Preying On The Innocent

Preying On The Innocent

by Phil Denapoli


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How do you deal with a mother whose behavior fits the label sociopath? What are the chances you'll follow in her footsteps? Those are the questions that haunt Maggie Egan on the day she meets Rocco DeCullo-in a psychiatrist's office. In spite of Rocco's struggle with social anxiety, they rapidly cultivate a friendship that plunges them into the middle of a double murder.

A teenage son came home to find the beaten and butchered bodies of his parents. Maggie knows the victims as former friends of her parents. Rocco knows the son. As their connections to the murders multiply, danger threatens. When a third murder occurs, Maggie's mother becomes a person of interest. Her father is the prime suspect.

As Maggie works to clear her father, Evanston police work feverishly to make sense of the few clues they have. With the assistance of Maggie, Rocco, and ABC TV investigative reporter Sandra Anderson, they add pieces to the puzzle, but will they find a solution? And will they find the answer soon enough? As each day goes by, a sea of contamination spreads, lives are ruined, and human leeches continue to prey on the innocent.

Product Details

ISBN-13: 9781468596281
Publisher: AuthorHouse
Publication date: 05/02/2012
Pages: 380
Product dimensions: 6.00(w) x 9.00(h) x 0.85(d)

Read an Excerpt

Preying on the Innocent

By Phil DeNapoli


Copyright © 2012 Phil DeNapoli
All right reserved.

ISBN: 978-1-4685-9628-1

Chapter One

Murder and Mayhem

At 7:30 on a balmy summer evening three masked figures in a black Jaguar circled a residential block in the north end of Evanston, Illinois. Below a baseball cap the slanted eyes and brows of the driver's mask lent an East Asian appearance. The two men in the back seat were dressed in Ninja black with their hands gloved and their feet covered with black slippers. They looked out the rear windows, alert and silent. It was a Sunday close to sundown, and the neighborhood was quiet. A few sprinklers were running on front lawns but, other than that, nothing—just calm, stagnant air.

"Go down the alley," uttered one of the men in the back seat. The driver approached the corner and turned right and then right again down the alley that backed modest homes. Driving slowly, they took in the surroundings, cautiously looking for people barbequing or kids playing in yards. The driver slowed when they reached the house they were targeting. The two in the back seat stared, planning their entry.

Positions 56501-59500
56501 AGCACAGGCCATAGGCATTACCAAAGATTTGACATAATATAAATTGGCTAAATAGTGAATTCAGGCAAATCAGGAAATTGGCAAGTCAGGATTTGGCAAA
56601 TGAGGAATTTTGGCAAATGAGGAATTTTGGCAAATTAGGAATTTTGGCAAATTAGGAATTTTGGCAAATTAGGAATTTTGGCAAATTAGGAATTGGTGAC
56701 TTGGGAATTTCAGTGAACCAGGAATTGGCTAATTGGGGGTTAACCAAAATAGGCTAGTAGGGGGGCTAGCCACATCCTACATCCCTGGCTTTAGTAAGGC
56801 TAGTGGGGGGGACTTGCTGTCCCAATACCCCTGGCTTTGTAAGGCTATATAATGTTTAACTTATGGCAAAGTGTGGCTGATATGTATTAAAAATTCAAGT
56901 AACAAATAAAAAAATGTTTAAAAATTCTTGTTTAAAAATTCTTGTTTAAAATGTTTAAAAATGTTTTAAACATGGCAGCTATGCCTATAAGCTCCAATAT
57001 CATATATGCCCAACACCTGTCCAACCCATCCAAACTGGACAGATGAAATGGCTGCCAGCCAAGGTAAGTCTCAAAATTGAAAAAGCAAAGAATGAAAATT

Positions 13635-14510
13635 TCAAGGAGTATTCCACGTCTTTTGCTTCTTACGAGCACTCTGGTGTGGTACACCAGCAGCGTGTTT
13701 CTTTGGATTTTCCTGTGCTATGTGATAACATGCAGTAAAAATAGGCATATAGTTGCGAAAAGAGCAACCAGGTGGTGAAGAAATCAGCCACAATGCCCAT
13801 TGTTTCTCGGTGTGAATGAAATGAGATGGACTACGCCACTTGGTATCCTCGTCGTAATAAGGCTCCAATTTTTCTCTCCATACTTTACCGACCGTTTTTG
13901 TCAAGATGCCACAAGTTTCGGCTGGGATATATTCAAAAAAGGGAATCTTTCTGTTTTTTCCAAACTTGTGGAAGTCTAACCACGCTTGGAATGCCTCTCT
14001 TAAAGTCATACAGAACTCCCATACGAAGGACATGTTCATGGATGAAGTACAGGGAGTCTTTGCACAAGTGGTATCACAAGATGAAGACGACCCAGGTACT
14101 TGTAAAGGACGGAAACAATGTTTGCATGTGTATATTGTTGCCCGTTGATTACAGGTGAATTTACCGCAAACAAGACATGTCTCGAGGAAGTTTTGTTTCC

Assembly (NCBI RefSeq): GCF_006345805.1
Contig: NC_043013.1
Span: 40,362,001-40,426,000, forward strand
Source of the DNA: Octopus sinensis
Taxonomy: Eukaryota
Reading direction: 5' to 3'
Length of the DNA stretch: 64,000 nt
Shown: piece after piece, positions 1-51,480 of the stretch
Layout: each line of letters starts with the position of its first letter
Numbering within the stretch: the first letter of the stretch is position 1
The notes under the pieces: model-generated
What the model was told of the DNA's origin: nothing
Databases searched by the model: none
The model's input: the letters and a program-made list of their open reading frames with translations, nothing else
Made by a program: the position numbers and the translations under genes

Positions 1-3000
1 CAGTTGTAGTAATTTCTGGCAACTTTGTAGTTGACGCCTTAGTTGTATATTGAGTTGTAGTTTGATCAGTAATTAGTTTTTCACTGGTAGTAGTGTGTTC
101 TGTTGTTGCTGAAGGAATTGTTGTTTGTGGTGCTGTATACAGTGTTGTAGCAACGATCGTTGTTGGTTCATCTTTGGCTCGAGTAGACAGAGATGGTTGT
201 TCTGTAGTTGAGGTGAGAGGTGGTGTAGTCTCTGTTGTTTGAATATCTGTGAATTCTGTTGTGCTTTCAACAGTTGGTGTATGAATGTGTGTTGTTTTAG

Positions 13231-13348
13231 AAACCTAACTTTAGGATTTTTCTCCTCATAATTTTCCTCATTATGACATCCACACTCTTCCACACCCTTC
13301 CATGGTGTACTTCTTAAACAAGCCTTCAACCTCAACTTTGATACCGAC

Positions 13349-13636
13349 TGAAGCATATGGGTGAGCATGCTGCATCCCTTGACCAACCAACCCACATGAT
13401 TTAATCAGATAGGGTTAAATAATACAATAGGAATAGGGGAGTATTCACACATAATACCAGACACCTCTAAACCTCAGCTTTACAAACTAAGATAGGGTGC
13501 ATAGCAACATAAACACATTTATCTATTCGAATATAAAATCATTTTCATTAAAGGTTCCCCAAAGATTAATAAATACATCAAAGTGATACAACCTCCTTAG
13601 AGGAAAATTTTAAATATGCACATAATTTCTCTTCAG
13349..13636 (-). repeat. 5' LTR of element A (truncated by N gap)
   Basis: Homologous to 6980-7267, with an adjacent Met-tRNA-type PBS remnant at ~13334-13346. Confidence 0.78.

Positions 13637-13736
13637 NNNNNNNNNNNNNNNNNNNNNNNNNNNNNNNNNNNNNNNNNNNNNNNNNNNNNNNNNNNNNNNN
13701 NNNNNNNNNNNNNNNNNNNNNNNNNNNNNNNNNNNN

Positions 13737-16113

What they didn't notice was Mr. Harold, down on his knees, hidden by a wheelbarrow, and picking weeds from his garden. But, his house was four houses to the right and would not allow him a view of their entry or exit.

"Ready," said the man on the right. "Let's do it." He told the driver to return to this exact spot in fifteen minutes.

"Got it," the driver replied.

The two men, dressed in black, long sleeved shirts tucked into black sweats, exited the car and shut their doors so quietly that even the driver couldn't hear them close. They opened a six-foot tall wooden gate to the yard.

"This way," said the first man.

"My hands are sweating in these gloves," his twin whispered.

They crept along a row of bushes that bordered the left fence, which led to the garage.

Inside the home Dan Reid Sr. was seated at the kitchen table, which was covered by a yellow and white checkerboard tablecloth. He drank iced coffee while his wife, Carol, unloaded the dishwasher. She turned to her husband and asked, "What time is he coming?"

"Eight-thirty," he said. "Where are the kids?"

"Danny is at Romans, and Jeanne is on a sleepover at the Johnson's."

"I thought we made it clear that we didn't want him hanging around Romans," said Dan. Irritation strained his voice.

"As usual, he was hostile, and trying to keep him from going just makes it worse. He's pretty tight with your brother, and since Charlie is a partner in Romans, I think Danny always has free passes."

"And Jeanne—how did you get her to agree to a sleepover? She hates sleepovers!"

"I told her we had important business not meant for children."

"Good work."

Carol, anxious about the pending confrontation, stopped what she was doing and sat across the table from Dan. "We're in full agreement on this, right?"

"Absolutely," her husband replied confidently. He looked straight into her tired eyes. "I'm done with Charlie. He's jeopardizing my practice, and I have no intention of going to jail for my brother's misjudgments."

Carol rose from the table and took a few steps toward the dishwasher, then turned her head, facing her husband. "No backing down?"

Dan stood, put his arms around her, and gave her a peck on the cheek, not knowing it would be the last time he touched her. He spoke quietly in her ear, "No backing down, I promise."

Dan placed his glass on the Formica counter top and said to his wife, "I'm going in the garage for a minute. I'll be right back. Remember, I love you, and this is all going to work out."

Carol attempted a smile. "I love you too sweetheart."